Chance of making the 53 man roster: 75%

Must Impress

Rashawn Scott

Scott joined the Dolphins alongside Leonte Carroo and Jakeem Grant as a rookie last season, albeit as an undrafted free agent who worked his way onto the roster. Scott was released during September roster cuts last year, but was then signed to Miami’s practice squad. After injuries to the receiver corps late in the season, he was promoted to the active roster and played three games, but logged zero receptions. Scott will have to battle to make the roster again in 2017, but has an upper hand over the incoming rookies due to his knowledge of Gase’s offense. His size (6’2”, 204 lbs) makes him a good candidate to hold onto a back-end roster spot as a project receiver, but a strong training camp by any newcomer has the potential to push him off the depth chart.

Chance of making the 53 man roster: 50%

Isaiah Ford (R)

The Dolphins took a shot at Ford with a seventh round pick during this year’s draft with the hopes of him making a strong impression this offseason, and Ford will need to follow through if he wants to make the 53. Many analysts pegged him as a fourth or fifth round draft pick, so the Dolphins definitely got value in the seventh round; however, that fact will not help Ford once training camp rolls around. His height and athleticism should aid him during workouts, and his highlights display good hands and the ability to high-point a catch, but he’s going to have to show that he can handle NFL level defenses and that he has the ability to create separation if he wants to be anything more than a practice squad player.

Chance of making the 53 man roster: 50%

Training Camp Bodies

Drew Morgan (UDFA)

Undrafted free agents often have a very difficult time making the 53 man roster, and Morgan will be no exception to that rule. He is quick off the line and has solid hands, but his lack of top end speed and low yards-per-catch average limit his ability to be a threat on the perimeter. That should lead the Miami coaching staff to want to try Morgan inside at slot receiver, but that position is already crowded with Landry and Grant occupying the top two spots (should Grant make the team). With a strong training camp showing, Morgan could push for the last spot on the wide receiver depth chart, but he’s going to have to move his way past a multitude of other players to make that happen.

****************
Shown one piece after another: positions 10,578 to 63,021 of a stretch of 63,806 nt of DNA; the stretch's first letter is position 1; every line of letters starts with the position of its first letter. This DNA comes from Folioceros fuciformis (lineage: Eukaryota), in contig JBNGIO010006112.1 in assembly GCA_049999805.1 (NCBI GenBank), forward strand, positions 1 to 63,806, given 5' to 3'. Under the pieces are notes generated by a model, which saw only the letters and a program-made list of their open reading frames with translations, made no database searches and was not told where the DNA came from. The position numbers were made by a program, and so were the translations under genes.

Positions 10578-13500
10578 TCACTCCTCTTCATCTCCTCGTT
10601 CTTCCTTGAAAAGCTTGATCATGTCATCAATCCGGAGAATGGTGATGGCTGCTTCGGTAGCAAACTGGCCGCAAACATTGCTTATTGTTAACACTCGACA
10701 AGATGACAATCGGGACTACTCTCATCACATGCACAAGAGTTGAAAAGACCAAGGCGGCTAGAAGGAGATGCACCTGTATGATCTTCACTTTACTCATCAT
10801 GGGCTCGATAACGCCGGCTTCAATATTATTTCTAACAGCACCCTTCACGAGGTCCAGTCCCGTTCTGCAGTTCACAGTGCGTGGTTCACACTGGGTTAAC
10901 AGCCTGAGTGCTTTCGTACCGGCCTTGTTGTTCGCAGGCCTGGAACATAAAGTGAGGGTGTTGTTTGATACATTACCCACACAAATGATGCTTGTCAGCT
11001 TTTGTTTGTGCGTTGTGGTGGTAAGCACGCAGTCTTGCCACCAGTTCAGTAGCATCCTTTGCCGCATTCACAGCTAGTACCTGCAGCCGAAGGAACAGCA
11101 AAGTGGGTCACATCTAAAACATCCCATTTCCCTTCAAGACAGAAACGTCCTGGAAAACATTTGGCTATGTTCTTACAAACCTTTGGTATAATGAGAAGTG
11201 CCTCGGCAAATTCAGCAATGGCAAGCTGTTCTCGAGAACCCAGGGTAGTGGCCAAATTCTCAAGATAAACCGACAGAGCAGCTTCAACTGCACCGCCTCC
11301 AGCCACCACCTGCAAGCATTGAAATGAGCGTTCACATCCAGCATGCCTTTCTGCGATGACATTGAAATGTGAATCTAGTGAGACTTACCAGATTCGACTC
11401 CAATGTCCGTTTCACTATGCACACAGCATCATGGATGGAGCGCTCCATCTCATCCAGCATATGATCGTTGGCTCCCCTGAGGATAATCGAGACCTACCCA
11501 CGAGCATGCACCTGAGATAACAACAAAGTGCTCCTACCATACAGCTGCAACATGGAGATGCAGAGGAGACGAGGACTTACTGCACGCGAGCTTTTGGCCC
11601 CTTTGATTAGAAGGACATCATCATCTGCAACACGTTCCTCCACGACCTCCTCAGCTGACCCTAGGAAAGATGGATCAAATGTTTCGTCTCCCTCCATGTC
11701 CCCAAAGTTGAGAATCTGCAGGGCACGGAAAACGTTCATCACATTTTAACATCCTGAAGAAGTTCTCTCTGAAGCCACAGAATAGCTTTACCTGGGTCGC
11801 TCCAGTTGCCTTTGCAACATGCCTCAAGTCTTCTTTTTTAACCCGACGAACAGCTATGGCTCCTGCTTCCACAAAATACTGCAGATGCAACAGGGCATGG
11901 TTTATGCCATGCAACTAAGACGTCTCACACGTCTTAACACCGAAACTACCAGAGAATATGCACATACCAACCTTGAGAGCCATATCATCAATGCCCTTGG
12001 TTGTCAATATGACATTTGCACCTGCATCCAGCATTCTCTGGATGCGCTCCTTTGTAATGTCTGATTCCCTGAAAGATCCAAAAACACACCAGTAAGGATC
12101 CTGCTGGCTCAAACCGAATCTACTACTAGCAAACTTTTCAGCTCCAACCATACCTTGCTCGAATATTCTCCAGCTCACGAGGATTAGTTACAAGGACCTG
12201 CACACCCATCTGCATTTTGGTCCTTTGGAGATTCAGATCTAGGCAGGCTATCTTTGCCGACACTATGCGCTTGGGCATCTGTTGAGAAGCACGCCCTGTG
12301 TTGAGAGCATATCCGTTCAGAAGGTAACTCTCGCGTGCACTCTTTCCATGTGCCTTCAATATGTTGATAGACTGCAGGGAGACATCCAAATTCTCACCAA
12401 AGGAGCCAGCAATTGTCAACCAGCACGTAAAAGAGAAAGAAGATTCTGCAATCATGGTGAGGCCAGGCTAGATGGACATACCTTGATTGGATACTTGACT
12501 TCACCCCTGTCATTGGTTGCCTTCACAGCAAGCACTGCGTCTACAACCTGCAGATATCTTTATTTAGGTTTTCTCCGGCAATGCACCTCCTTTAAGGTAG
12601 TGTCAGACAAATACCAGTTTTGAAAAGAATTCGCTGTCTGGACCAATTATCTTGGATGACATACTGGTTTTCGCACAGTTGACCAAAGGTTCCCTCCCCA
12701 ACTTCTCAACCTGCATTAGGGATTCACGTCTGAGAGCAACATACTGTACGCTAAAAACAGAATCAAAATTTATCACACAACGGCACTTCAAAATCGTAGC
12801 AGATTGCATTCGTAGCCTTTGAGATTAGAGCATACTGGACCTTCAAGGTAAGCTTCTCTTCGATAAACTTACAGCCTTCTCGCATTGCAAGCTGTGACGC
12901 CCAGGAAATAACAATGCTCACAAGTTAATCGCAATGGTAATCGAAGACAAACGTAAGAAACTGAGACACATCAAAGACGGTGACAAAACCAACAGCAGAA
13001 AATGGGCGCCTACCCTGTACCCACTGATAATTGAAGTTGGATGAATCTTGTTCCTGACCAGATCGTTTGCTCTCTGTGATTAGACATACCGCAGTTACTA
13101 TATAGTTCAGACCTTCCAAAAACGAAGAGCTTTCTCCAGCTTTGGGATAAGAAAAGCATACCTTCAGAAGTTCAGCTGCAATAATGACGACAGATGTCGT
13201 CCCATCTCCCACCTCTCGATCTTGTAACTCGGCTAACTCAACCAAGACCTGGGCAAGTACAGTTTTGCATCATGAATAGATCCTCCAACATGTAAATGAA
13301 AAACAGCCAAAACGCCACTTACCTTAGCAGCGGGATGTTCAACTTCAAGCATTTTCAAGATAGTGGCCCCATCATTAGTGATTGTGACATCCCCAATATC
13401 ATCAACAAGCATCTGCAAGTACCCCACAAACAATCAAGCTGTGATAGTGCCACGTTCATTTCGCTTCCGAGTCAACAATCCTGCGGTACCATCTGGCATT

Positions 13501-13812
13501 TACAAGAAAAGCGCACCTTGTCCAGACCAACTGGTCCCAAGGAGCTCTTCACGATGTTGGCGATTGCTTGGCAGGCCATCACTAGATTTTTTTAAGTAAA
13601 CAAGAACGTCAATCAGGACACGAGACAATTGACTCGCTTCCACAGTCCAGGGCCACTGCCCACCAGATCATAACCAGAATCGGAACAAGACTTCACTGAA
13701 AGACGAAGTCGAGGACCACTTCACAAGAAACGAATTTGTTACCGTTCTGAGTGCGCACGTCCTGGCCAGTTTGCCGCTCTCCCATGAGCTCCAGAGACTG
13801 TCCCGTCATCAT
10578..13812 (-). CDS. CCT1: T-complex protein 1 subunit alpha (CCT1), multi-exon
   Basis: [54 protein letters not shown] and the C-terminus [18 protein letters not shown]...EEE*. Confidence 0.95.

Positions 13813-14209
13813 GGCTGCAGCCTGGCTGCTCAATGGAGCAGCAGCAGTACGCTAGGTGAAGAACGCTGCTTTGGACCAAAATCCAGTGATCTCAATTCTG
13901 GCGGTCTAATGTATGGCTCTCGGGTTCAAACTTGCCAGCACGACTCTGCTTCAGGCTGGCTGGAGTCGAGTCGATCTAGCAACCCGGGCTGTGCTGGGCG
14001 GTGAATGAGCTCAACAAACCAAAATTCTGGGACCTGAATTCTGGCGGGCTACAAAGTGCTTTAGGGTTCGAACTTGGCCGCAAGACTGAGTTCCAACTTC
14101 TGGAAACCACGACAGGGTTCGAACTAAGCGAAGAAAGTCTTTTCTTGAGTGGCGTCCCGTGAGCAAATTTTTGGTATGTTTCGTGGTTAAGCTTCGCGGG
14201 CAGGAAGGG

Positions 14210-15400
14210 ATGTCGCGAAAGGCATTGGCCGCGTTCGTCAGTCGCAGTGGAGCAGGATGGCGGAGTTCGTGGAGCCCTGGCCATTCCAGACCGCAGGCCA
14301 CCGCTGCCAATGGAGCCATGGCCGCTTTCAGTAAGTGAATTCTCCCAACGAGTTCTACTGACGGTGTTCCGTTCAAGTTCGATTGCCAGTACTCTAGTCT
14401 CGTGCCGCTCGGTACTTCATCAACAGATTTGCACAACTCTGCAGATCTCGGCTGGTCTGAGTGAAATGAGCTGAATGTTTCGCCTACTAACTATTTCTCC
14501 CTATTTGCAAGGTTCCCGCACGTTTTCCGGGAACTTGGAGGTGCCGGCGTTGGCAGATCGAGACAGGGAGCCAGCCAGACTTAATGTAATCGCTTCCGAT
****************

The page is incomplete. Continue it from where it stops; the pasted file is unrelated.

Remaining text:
Chance of making the 53 man roster: 25%

Malcolm Lewis (UDFA)

Lewis suffered a harsh leg injury back in 2012 that limited his speed and quickness during his college career, but he worked his way back to become a contributor for the Miami Hurricanes over the past four years. He’s a willing special teamer and his coaches have commended him for having a strong work ethic and good attitude. However, not much else stands out for this roster hopeful. Lewis will need to wow the coaching staff for any shot at the 53.

Chance of making the 53 man roster: 20%

Damore’ea Stringfellow (UDFA)

Stringfellow is a big player who is aggressive when high pointing a catch, but he lacks the quickness to separate from cornerbacks at the breaks in his routes, as well as the speed to beat cornerbacks on the outside. Stringfellow also hasn’t shown that he’s willing to give extra help in run blocking, and when an undrafted free agent is attempting to make an NFL roster, they’ll have a tough time succeeding if they’re not willing to give their all on every play. What helps Stringfellow even less is that he’s had some off the field troubles, forcing him to transfer to Mississippi half way through his college career. I don’t see him has a strong candidate to push through a crowded wide receiver depth chart, as there are many other receivers on the roster with fewer detracting factors and just as much talent.

Chance of making the 53 man roster: 20%

Francis Owusu (UDFA)

Owusu is best known for his 2015 highlight reel catch in which he pinned a hail mary touchdown reception to the back of a defender. While the play was truly extraordinary, and I recommend you look it up, it won’t have any bearing on Owusu’s chances of playing for the Dolphins in 2017. What will have an impact is the fact that Owusu is a very big target (6’3”, 209 lbs) with coveted speed as an outside receiver. Unfortunately, he’s had sub-par production over his college career, coming down with just 34 catches while playing at Stanford. He is strictly a project player in his first year at the NFL level.

Chance of making the 53 man roster: 20%

Projected 2017 Wide Receiver Depth Chart

  1. Jarvis Landry
  2. DeVante Parker
  3. Kenny Stills
  4. Leonte Carroo
  5. Jakeem Grant
  6. Isaiah Ford (R)